What on that occasion is thought?

The thought which on that occasion is ideation, mind, heart, that which is clear; ideation as the sphere of mind, the faculty of ideation, intellect, the skandha of intellect, the appropriate element of the cognition of body—this is the thought that there then is.

What on that occasion is ease?

The bodily pleasure, the bodily ease which on that occasion is the pleasant, easeful sensation born of contact with the body; the pleasant, easeful feeling born of contact with the body—this is the ease that there then is.

What on that occasion is self-collectedness… the faculty of ideation … of ease … of vitality?

Answers as in §§438, 448, 449 and 441 respectively.

Or whatever other incorporeal, causally induced states there are on that occasion—these are states that are indeterminate.

Summary

Now, on that occasion

  • the skandhas are four,
  • etc.

Continue as in §441a, substituting ‘the element of the cognition of body’ for ‘the element of visual cognition’.

What on that occasion is the skandha of syntheses?

Answer as in §442.

(b) Good (karma) taking effect in ideation

Which are the states that are indeterminate?

When, as the result of good karma having been wrought, having been stored up in connexion with the sensuous universe, an element of ideation has arisen, accompanied by disinterestedness, and having as its object a sight, a sound, a smell, a taste, something tangible, or what not, then there is

  • contact
  • thought,
  • feeling
  • conception,
  • perception, discursive thought,
  • thinking, disinterestedness,
  • self-collectedness;
  • the faculties of
  • ideation,
  • disinterestedness,
  • vitality.

These, or whatever other incorporeal, causally induced states there are on that occasion—these are states that are indeterminate.

Question and answer on ‘contact’ as above, passim,

What on that occasion is feeling?

The mental [condition], neither pleasant nor unpleasant, which on that occasion is born of contact with the appropriate element of ideation; the sensation, born of contact with thought, which is neither easeful nor painful; the feeling, born of contact with thought, which is neither easeful nor painful—this is the feeling that there then is.

What on that occasion is perception … thinking … thought?

Answers as in §§446–448, substituting ‘element of ideation’ for ‘element of the cognition of body’.

What on that occasion is conception?

The ratiocination, the conceiving which on that occasion is the disposition, the fixation, the focussing, the application of the mind—this is the conception that there then is.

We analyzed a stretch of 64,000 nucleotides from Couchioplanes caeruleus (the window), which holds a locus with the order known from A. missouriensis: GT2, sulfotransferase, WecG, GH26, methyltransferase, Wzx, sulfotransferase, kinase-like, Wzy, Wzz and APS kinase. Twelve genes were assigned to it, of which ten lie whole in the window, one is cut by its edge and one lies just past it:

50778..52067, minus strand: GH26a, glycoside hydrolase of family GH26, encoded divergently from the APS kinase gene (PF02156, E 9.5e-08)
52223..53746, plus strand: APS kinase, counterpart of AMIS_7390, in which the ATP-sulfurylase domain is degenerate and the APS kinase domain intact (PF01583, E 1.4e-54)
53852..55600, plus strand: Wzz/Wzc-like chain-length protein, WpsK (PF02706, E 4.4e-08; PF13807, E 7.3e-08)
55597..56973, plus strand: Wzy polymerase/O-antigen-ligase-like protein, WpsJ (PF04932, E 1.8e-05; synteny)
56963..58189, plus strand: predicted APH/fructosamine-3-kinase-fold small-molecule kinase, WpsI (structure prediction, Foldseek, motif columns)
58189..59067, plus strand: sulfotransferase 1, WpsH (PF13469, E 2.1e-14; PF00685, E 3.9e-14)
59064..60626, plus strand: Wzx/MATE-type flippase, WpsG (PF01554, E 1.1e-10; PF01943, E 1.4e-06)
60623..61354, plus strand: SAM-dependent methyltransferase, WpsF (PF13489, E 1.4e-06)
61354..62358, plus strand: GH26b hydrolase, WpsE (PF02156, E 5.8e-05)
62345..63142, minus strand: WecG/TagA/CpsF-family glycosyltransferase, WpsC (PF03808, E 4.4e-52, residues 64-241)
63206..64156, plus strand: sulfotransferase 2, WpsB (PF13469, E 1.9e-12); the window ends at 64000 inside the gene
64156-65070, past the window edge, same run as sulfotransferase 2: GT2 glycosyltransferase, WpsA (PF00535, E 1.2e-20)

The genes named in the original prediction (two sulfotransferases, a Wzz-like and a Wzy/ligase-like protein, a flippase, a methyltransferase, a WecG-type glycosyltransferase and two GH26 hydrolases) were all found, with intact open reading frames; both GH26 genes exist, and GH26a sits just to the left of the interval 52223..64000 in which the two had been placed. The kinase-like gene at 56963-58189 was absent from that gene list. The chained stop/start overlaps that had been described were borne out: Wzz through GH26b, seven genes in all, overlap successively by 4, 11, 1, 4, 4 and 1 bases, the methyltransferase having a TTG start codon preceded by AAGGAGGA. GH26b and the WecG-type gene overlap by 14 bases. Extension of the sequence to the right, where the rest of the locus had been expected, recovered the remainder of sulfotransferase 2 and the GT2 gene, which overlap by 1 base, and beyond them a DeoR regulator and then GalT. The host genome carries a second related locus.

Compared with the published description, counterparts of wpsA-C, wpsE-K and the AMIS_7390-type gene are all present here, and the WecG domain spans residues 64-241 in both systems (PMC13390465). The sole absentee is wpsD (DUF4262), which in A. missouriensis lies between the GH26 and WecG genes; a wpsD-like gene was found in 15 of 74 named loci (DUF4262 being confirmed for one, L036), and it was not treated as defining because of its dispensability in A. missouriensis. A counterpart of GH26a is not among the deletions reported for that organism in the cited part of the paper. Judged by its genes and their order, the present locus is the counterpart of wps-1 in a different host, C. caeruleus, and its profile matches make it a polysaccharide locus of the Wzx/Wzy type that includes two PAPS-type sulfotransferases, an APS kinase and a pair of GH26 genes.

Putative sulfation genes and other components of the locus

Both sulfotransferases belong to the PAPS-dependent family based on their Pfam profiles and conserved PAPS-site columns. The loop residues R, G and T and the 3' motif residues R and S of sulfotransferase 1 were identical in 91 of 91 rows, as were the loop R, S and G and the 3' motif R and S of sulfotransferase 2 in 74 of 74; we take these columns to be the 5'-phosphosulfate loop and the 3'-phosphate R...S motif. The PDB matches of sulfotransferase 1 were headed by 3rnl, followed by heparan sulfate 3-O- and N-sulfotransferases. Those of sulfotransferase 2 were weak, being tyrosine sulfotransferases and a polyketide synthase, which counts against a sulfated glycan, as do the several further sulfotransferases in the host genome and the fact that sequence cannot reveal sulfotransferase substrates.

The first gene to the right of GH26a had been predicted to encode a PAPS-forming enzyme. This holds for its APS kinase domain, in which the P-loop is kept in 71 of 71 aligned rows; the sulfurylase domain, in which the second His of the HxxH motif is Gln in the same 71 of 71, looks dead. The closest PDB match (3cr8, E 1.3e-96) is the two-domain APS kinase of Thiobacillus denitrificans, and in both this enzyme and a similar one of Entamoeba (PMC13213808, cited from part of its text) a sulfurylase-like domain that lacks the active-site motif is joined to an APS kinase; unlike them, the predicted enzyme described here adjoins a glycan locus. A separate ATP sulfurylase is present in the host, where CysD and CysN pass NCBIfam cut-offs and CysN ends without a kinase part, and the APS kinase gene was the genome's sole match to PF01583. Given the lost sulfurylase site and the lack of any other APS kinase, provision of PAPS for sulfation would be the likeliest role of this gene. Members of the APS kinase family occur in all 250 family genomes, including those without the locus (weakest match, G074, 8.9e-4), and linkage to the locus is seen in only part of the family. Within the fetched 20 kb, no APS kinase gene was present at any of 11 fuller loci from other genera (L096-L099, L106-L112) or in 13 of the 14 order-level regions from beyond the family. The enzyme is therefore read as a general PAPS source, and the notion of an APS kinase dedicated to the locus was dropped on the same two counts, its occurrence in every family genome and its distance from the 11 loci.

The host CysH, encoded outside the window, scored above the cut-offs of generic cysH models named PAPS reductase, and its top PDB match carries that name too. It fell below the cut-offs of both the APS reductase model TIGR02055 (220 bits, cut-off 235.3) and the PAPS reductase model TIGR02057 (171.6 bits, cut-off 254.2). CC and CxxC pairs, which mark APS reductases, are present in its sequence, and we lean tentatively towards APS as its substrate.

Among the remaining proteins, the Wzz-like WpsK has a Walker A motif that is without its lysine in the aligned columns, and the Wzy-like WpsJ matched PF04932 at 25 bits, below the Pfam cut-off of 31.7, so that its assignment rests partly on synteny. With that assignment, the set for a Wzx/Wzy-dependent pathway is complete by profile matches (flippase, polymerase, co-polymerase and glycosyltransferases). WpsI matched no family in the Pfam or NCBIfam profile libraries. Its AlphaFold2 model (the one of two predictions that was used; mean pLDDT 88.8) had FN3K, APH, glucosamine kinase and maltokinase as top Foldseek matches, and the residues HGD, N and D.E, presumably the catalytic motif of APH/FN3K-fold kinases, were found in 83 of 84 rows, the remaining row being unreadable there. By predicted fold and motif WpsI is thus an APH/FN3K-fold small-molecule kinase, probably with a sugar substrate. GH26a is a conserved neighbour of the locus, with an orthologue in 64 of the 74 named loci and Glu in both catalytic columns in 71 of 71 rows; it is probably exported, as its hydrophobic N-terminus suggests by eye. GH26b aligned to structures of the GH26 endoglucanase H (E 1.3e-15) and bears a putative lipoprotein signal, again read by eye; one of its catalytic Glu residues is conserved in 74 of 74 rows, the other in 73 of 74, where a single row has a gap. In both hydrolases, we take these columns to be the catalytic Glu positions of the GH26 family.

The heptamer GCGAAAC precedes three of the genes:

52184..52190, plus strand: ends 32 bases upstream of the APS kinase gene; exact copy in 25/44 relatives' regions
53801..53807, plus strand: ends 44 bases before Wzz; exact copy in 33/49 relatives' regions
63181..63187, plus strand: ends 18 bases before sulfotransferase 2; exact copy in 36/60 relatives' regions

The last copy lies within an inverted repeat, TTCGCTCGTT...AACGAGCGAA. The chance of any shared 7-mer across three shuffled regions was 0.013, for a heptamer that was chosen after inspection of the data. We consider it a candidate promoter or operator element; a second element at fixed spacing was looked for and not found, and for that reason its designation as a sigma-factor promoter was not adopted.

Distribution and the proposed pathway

What on that occasion is discursive thought?

The process, the sustained procedure, the progress and access [of the mind] which on that occasion is the continuous adjusting and directing of thought—this is the discursive thought that there then is.

What on that occasion is disinterestedness … self-collectedness … the faculty of ideation … of disinterestedness … of vitality?

Answers as in §§437, 438, 460, 440, 441 respectively.

Summary

Now, on that occasion

  • the skandhas are four,
  • the spheres are two,
  • the elements are two,
  • the nutriments are three,
  • the faculties are three,
  • contact counts as a single factor,
  • etc.

Continue as in §58.

  • the faculty of ideation counts as a single factor,
  • the element of ideation counts as a single factor,
  • etc.

What on that occasion is the skandha of syntheses?

  • Contact,
  • discursive thought,
  • thinking
  • self-collectedness,
  • conception,
  • the faculty of vitality.

Or whatever other incorporeal, causally induced states there are on that occasion, exclusive of the skandhas of feeling, perception and intellect—these are the skandha of syntheses.

(c) Good (karma) taking effect in representative intellection

(i.) When accompanied by happiness,

Which are the states that are indeterminate?

When, as the result of good karma having been wrought, having been stored up in connexion with the sensuous universe, an element of representative cognition has arisen, accompanied by happiness and having as its object a sight, a sound, a smell, a taste, something tangible, the idea [of any of these], or what not, then there is

  • contact
  • conception,
  • feeling,
  • discursive thought,
  • perception,
  • joy,
  • thinking
  • ease,
  • thought,
  • self-collectedness;
  • the faculties of ideation,
  • happiness,
  • vitality.

These, or whatever other, etc.

Continue as in §455.

These thirteen constituent states are described as in §§2–11 and 17–19, with the exception of ‘conception’ (vitakko) and ‘self-collectedness’ (cittass’ ekaggata), which are described with the restricted connotation used in §§461, 464.

Summary

Identical with §467a, but ‘the element of representative cognition’ (manovinnanadhātu) must be substituted for ‘the element of ideation’.

What on that occasion is the skandha of syntheses?

  • Contact, discursive thought,
  • thinking, joy,
  • conception, self-collectedness;
  • the faculty of: